7) Provide an English Equivalent to associate words in other languages (a key value). Words that have the same English equivalent will show up in search results. For example, searching for Iring in Subuanong Binisaya will show "misay" (Winaray), "puso" (Tagalog), and "miyong" (Inabaknon) because each of these entries has "cat" as its English equivalent.
8) Use the Semantic Domain to further associate words into categories. This is not required for the initial project but may be used later on to create a multilanguage semantic dictionary.
9) Check "Do not display this word in page results" if the word is a proper noun, nonsense word, or should not otherwise be shown in the search results
10) Check "This is an English loan word" if it is actually English but was embedded in a non-English language text. Again, the Language of the word should not be changed to "English". Instead, using this checkbox helps track which English loan words are used in which Filipino languages.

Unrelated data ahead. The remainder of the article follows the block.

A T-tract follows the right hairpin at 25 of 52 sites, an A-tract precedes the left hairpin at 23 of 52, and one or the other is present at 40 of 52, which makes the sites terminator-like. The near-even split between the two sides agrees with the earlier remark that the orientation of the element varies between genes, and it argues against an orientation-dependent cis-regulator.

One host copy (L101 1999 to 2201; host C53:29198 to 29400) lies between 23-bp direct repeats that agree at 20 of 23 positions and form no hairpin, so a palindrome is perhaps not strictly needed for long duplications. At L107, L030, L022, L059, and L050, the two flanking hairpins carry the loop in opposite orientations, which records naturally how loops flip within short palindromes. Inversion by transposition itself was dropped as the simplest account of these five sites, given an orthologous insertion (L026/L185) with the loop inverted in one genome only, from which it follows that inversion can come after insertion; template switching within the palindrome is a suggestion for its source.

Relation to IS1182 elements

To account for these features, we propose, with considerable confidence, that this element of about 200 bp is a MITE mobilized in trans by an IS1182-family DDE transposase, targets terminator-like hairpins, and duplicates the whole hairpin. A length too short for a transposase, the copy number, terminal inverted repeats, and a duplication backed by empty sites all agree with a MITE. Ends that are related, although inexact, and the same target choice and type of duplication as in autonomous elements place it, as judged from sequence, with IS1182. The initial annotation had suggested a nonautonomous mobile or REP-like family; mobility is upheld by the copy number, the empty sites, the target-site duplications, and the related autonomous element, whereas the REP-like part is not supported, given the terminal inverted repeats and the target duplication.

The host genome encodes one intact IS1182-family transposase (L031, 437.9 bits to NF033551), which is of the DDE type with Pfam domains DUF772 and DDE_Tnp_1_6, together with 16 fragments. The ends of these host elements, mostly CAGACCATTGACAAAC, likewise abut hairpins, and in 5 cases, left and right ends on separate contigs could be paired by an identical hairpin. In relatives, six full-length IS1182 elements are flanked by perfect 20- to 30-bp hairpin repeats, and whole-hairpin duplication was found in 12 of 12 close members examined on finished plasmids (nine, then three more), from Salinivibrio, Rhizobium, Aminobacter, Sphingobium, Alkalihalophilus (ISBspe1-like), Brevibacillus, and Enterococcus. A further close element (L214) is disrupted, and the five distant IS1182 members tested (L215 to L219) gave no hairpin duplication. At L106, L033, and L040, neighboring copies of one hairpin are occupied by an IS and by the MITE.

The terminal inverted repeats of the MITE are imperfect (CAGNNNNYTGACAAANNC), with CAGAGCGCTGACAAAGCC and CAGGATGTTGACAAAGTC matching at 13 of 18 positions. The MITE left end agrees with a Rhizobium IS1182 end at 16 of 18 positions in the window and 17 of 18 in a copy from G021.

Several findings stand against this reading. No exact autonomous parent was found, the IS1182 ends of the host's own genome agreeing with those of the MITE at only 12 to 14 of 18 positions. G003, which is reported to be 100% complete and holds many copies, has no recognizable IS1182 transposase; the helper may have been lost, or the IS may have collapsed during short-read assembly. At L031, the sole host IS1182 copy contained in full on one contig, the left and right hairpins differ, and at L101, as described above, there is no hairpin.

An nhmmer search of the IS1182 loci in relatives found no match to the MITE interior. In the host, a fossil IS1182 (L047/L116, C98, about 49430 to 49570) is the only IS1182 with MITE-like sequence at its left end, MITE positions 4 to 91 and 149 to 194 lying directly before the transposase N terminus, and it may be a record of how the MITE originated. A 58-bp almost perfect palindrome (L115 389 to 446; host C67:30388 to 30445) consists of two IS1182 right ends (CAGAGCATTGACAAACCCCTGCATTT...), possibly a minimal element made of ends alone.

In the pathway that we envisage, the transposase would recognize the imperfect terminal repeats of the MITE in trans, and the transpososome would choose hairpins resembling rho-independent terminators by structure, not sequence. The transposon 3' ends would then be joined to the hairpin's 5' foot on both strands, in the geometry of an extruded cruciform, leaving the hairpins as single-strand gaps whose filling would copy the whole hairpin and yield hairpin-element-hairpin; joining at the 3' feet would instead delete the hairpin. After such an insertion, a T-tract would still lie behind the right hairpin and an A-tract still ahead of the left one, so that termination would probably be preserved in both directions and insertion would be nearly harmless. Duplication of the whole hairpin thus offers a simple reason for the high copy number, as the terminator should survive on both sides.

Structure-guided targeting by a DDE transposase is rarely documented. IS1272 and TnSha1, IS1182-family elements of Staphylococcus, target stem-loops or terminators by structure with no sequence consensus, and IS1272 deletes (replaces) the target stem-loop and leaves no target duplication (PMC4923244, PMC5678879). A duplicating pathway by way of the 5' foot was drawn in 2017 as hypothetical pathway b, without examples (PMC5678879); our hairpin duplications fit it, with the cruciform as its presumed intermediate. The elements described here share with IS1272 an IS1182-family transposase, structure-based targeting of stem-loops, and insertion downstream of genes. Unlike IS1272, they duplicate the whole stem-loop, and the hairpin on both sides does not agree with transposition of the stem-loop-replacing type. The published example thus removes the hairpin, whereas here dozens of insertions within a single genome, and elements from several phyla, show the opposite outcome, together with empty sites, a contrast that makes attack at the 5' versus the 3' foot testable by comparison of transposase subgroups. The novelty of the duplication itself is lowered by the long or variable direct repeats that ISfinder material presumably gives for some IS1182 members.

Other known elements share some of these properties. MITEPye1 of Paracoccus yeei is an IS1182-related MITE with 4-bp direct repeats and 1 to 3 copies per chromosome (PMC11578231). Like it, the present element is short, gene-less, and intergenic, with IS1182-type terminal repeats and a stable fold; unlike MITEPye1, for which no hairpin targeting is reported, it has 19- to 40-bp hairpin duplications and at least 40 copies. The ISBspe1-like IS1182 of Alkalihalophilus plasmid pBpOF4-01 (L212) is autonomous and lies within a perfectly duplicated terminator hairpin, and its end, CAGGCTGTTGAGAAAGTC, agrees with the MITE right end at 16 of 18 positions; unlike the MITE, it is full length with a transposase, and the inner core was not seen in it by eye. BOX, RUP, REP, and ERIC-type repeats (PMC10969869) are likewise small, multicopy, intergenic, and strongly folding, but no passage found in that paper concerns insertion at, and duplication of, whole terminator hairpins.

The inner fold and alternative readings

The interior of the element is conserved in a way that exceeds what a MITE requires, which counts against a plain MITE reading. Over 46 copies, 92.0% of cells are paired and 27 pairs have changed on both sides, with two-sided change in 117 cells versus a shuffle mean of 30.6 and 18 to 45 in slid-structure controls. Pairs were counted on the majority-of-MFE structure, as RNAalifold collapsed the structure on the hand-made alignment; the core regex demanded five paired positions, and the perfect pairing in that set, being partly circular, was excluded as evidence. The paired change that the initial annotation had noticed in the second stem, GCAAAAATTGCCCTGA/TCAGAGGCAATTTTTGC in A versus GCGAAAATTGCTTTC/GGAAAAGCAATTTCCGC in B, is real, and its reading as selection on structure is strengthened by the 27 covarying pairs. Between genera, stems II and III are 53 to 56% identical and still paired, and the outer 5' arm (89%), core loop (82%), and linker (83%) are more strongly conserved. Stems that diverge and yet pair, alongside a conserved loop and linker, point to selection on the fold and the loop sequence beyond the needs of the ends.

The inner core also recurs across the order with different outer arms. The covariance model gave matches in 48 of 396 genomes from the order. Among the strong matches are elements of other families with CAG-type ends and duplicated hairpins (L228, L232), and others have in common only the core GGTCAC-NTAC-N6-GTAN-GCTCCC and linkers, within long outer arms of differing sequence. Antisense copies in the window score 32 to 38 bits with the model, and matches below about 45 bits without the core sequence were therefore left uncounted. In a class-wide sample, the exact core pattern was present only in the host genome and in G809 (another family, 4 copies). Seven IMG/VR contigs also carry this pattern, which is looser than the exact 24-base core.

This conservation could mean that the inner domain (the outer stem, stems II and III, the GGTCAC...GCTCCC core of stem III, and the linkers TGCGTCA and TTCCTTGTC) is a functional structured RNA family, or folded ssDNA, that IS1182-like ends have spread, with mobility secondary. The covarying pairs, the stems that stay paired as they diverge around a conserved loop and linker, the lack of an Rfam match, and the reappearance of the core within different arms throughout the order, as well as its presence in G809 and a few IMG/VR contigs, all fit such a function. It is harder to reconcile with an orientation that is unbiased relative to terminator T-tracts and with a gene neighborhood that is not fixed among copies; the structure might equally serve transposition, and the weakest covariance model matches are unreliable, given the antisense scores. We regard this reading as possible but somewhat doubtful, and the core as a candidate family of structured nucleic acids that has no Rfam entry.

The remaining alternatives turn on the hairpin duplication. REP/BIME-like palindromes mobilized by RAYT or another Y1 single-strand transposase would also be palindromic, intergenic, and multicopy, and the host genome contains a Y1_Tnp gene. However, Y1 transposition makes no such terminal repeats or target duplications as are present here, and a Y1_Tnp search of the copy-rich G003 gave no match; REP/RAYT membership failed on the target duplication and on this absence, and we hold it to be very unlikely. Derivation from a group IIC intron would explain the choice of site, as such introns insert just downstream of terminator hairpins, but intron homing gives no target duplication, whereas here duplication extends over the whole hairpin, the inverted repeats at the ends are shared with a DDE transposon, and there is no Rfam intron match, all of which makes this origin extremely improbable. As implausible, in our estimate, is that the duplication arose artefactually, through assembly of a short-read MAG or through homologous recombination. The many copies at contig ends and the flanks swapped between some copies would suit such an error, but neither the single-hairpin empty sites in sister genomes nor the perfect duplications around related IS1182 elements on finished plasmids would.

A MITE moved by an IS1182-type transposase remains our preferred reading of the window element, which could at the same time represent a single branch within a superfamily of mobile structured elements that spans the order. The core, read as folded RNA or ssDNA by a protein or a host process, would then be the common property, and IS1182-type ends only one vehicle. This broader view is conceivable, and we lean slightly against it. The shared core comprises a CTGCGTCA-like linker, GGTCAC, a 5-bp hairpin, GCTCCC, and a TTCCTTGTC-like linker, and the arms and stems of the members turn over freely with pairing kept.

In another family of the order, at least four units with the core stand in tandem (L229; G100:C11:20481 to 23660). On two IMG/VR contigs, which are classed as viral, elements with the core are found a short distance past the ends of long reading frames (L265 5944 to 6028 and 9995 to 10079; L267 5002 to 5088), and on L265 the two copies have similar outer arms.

11) Click "Update"

Remove words (e.g., proper nouns) from display in frequency results


Words should never be deleted from the corpus. Instead they should be tagged to indicate nonstandard usage. To do this:
1) Find the word by following the steps under update individual word entries (definition, part of speech)
2) Check "Do not display this word in page results" if the word is a proper noun, nonsense word, or should not otherwise be shown in the search results
3) Click "Update"

Dealing with nonstandard spellings